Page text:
News Article 17/09/2008

User friendly system continuously enhanced (Tanker operator, August September 2008, p. 38-39)


Leading software developer Ulysses Systems has continued to develop its fully integrated system – Task Assistant - for both shipboard and shoreside use.

This system is claimed to be very user friendly as it allows the user to access the task to be undertaken and information needed without scrolling through pages of information, which might be irrelevant to what was required at the time.

There are around 50 plus functions available for each role at present and once the user has quickly learned how to navigate the system, the task to be undertaken can be speedily accessed, Ulysses claimed.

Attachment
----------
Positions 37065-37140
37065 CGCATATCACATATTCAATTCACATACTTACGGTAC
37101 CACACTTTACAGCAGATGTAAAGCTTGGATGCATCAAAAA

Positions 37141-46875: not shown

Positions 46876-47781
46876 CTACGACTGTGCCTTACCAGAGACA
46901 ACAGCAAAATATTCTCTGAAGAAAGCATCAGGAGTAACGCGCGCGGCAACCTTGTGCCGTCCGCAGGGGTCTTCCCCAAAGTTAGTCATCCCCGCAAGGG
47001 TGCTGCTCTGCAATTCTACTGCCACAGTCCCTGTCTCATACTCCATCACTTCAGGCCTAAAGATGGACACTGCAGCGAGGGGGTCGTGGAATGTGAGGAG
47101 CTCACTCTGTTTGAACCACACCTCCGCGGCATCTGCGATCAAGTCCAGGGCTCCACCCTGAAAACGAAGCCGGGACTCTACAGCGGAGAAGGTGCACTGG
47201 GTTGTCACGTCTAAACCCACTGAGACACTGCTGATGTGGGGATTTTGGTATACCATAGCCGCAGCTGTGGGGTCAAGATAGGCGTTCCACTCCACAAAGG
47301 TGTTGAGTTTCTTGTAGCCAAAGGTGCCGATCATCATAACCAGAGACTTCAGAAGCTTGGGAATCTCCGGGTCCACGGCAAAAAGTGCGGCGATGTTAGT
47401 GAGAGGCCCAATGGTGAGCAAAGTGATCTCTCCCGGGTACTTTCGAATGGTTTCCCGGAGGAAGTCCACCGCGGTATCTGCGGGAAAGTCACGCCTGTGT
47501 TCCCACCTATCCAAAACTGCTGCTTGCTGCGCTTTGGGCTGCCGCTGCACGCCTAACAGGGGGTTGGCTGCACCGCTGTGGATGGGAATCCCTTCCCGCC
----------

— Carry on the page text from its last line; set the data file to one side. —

Task orientation is the key differentiation of Ulysses: Task orientation is an activity based way to organise information so that it appears to user not only when he or she looks for it but more when they involved in a task that might need it. This is extremely important in making the system user friendly and even more important in rendering a system that helps seafarers with their jobs, Ulysses said. People learn when they are given information, which they did not know, that is relevant to what they are doing. Structuring a system so that relevance is achieved is the key to usability and value of an enterprise software system.


Only those authorised to undertake certain tasks are allowed access to the relevant pages. The delegated persons can have access to either part or the whole system depending on what the requirements are. Once logged on, the system will show the user what he or she has access to and an audit trail can if needed automatically track the user’s actions.